We are huge advocates of getting more leafy greens into our diet, which makes this recipe ideal for consuming them in an easily digestible form.
I find that all of the ingredients tend to be cupboard staples for many, so you’ll always be able to whip up a serving of green goodness with a few simple ingredients you already have at home.
Whilst spinach is available all year round, the best time to buy it is during the Spring (March-June), when it’s in season. Spinach is part of the amaranthaceae family, a family full of nutritional powerhouse veggies.
This leafy vegetable is rich in vitamins and minerals such as vitamins K, A and C as well as folate and manganese. Vitamin K is vital for maintaining bone health and it is difficult to find many vegetables richer in vitamin K than spinach. Not only that, but spinach is also rich in antioxidants which can help to prevent cellular damage in our bodies.
Attention, skincare lovers! Two observational studies have shown that having a diet rich in vitamin C has been associated with better skin appearance, with a lower prevalence of dry and wrinkled skin (this is independent of known skin-aging factors such as age, sun exposure, and menopausal status) (Cosgrove et al. 2007) (Purba et al. 2001). So consuming more skin-loving spinach (which is vitamin C rich) could be a key step towards radiant and glowing skin. This is likely due to the way in which vitamin C regulates collagen synthesis (the main structural protein that is present in our skin) (Peterkofsky, 1991).
1/2 tsp coconut oil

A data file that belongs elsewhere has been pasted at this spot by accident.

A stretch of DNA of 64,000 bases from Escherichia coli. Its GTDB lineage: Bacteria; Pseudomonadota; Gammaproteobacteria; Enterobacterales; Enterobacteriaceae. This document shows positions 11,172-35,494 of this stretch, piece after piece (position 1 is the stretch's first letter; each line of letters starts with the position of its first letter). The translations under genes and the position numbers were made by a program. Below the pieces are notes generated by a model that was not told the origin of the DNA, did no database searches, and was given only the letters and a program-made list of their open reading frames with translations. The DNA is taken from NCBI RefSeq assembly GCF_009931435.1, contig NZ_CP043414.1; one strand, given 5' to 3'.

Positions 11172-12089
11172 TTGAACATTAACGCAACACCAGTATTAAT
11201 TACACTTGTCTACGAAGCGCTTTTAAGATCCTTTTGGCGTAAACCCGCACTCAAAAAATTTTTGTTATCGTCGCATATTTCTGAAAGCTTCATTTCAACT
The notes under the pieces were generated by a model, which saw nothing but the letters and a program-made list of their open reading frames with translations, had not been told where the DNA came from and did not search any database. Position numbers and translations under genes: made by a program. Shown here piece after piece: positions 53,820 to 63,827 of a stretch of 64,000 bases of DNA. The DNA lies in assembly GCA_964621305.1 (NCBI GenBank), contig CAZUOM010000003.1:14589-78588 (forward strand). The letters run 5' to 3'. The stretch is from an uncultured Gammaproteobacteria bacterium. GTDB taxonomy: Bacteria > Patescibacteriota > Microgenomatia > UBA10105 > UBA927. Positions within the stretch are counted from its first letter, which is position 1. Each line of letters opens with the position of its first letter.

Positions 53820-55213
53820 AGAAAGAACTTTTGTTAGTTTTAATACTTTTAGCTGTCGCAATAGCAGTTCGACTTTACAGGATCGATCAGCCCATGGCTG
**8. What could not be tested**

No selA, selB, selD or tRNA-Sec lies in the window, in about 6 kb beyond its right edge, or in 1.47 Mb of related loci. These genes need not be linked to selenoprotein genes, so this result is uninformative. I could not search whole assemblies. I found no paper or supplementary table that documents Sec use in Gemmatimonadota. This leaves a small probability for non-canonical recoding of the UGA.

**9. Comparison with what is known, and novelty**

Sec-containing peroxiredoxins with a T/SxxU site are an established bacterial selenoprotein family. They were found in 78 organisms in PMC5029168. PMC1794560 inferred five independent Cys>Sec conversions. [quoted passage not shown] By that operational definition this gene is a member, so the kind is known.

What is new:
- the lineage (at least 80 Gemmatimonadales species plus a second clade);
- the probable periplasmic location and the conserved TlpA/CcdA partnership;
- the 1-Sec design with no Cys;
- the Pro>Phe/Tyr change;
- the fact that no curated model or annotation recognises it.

200g spinach (washed)
1 small white potato (peeled & chopped)
1 onion (diced)
2 cloves of garlic (diced)
1 pint of vegetable stock (check the label if you have an allergy or intolerance)
1 pint filtered water
100ml coconut milk or 1 tbsp coconut yoghurt, plus a little extra to serve (optional if you would like the soup to be more creamy)
In a large saucepan, heat up the coconut oil, then add and fry the onion and garlic for 5 minutes on a medium heat.
Add in the chopped potato, spinach, vegetable stock, water and coconut milk or yoghurt (if using). Place a lid over the pan and bring to the boil until the chopped potato becomes tender.
Pour the contents of the saucepan into a blender and blend until smooth. Then it’s ready to serve. If you like, you can add a small spoonful of coconut yoghurt.
Cosgrove, M. Franco, O. Granger, S. et al. (2007). ‘Dietary Nutrient Intakes and Skin-aging Appearance Among Middle-Ages American Women’, The American Journal of Clinical Nutrition, 86, (4) pp. 1225-1231, NCBI [Online]. Available at: https://academic.oup.com/ajcn/article/86/4/1225/4649573 (Accessed: 10 August 2018).
Peterkofsky, B. (1991). ‘Ascorbate Requirement for Hydroxylation and Secretion of Procollagen: Relationship to Inhibition of Collagen Synthesis in Scurvy’, American Journal of Clinical Nutrition, 54 (6), pp. 1135-1140, NCBI [Online]. Available at: https://www.ncbi.nlm.nih.gov/pubmed/1720597 (Accessed: 10 August 2018).
Purba, M.B. Kouris-Blazos, A. Wattanapenpaiboon, N. et al. (2001). ‘Skin Wrinkling: Can Food Make a Difference?’, The Journal of the American College of Nutrition, 20 (1), pp. 71-80 NCBI [Online]. Available at: https://www.ncbi.nlm.nih.gov/pubmed/11293471 (Accessed: 10 August 2018).
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